But we weren’t done yet.
Which was crazy, because I think a lot of us felt exhausted just from that damn primary race – it had been insane, and I’d never seen anything like it before. But McCain had had his nom in the bag for what seemed like forever, and even though it seemed impossible that a Republican could win after the last eight years we’d had, the facts were that Barack was much less experienced than McCain – and also, let’s keep it real, he's black.
I’m not sure that I ever quite believed – that most of my brown friends ever fully and 100% believed – that this nation was yet ready to elect a President of Color. I pushed as hard as I could for it – I wore stickers and buttons and put up signs and watched the debates and the pundits and the news as voraciously as any religious devotee might pray. But in my heart, in my secret, still-scared, kinda-cynical heart, I would say to myself, “Yeah, but really? Really? They’re going to vote for Barack Hussein Obama?”
But really. Really.
And that little cynic in me isn’t dead; it’s her who notes, “Well, lucky for us, McCain picked Palin as his running mate and the economy collapsed. Otherwise today would feel hella different, wouldn’t it?”
But you know what? Both McCain picking Palin and the economy collapsing were completely exemplary of Republican policies that made people want change to begin with – and so it’s not so much luck that these events cemented the election for Barack, but really, just the natural progression of things. Of course, I was never certain – and neither were any of my friends – but we hoped, and we wore our t-shirts, and we wore our buttons and stickers and pins, and we talked to people, and we made phone calls, and election night rolled around, and we crossed our fingers and refused to celebrate until the numbers from the West Coast were in.
And then – and then, we celebrated.
I’m so grateful to have been in Boston, in Jamaica Plain, for this event. It was amazing to see – to be out in the community, to be watching the election results come in with people we didn’t know, hugging and crying and whooping; running out into the street, shouting our joy to the world, and having cars honk at us, fists pumping out of windows and shouts of “Yes we did!!!” being echoed back to us as they drove on. Going into the bar across the street from where we’d gone to watch the numbers come in, hugging strangers, taking pictures, laughing, clapping, then watching Barack’s victory speech – watching him feel even more overwhelmed than any of us did, but still managing to be gracious and eloquent and honest.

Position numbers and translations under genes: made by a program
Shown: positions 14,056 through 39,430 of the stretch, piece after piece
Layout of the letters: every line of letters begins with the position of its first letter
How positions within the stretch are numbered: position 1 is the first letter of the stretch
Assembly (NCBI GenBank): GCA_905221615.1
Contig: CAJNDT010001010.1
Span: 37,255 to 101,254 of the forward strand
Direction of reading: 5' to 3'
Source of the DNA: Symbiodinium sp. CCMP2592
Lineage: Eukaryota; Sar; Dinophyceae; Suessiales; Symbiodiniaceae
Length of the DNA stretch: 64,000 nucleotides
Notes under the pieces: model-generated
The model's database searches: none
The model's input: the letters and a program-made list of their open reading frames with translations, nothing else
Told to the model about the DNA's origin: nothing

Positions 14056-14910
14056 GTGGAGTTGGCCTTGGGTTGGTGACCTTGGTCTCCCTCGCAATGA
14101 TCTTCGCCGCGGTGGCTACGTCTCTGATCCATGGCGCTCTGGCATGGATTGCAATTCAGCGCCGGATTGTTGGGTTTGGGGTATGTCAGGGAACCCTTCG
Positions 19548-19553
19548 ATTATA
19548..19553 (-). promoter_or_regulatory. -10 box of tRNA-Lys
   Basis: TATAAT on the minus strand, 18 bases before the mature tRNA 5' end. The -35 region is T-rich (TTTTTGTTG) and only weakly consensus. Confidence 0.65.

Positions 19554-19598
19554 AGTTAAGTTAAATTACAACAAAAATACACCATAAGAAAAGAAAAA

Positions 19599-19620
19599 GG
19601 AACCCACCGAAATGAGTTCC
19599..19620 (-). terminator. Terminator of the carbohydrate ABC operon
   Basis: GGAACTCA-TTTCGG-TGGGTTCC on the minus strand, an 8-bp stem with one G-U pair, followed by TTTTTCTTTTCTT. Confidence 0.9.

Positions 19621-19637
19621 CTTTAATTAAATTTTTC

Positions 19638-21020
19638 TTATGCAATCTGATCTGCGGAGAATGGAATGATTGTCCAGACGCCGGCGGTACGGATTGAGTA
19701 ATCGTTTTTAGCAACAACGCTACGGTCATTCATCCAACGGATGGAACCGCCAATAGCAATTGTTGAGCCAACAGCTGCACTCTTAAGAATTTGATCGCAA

The joy in the air was palpable, but more importantly was the grace with which I saw Republicans handling it. Granted, we were in the honeymoon phase – we still kind of are – but the Republicans I know (and yes, I know a few!), although skeptical, were being gracious, were accepting, and although some of them inevitably had something to say – they let us have our moment. And I’m thankful for that.
It’s a big deal that Barack Obama got elected president. It’s a big deal not only for Black Americans, or multiracial/multiethnic Americans, or Americans of color, or Democrats, or people from cities. It’s a big deal for all of us. Not everybody voted for Barack Obama - far from it. But an indisputable majority did. People of all races, all classes, all backgrounds, all interests, voted for the things he represents. Voted for positivity, optimism, hope, and doing things differently. Voted for a different kind of America.
And this doesn’t mean the end of racism in America. It’s not proof that everything is okay. But it’s proof that everything is so much better than it was, and that we’re committed to making things better – not just in terms of race relations, or accepting people who are not like us – or accepting people who are like us, but look different. It’s proof that we believe that we can be good again, that we can make things right, that we can be a nation worth being proud of again. And that’s the key, really. Because there’s still a lot to love about America – and it’s about time we got back to working hard at proving it – if not even necessarily to others, then at least to ourselves. (Though I think we will prove it to others - I think we can become a positive force in the world, and gracefully negotiate the fact that not only are we no longer the sole superpower, but that we need to be a positive force on this planet.) These are huge steps - these are big deals. And no one person can make all of this happen - though I do think a president has the power to lead his people to action, to help make goals like these become a reality - especially if he's proactive about getting us to be proactive. I think Barack Obama’s going to lead us there.
Hail to the Chief.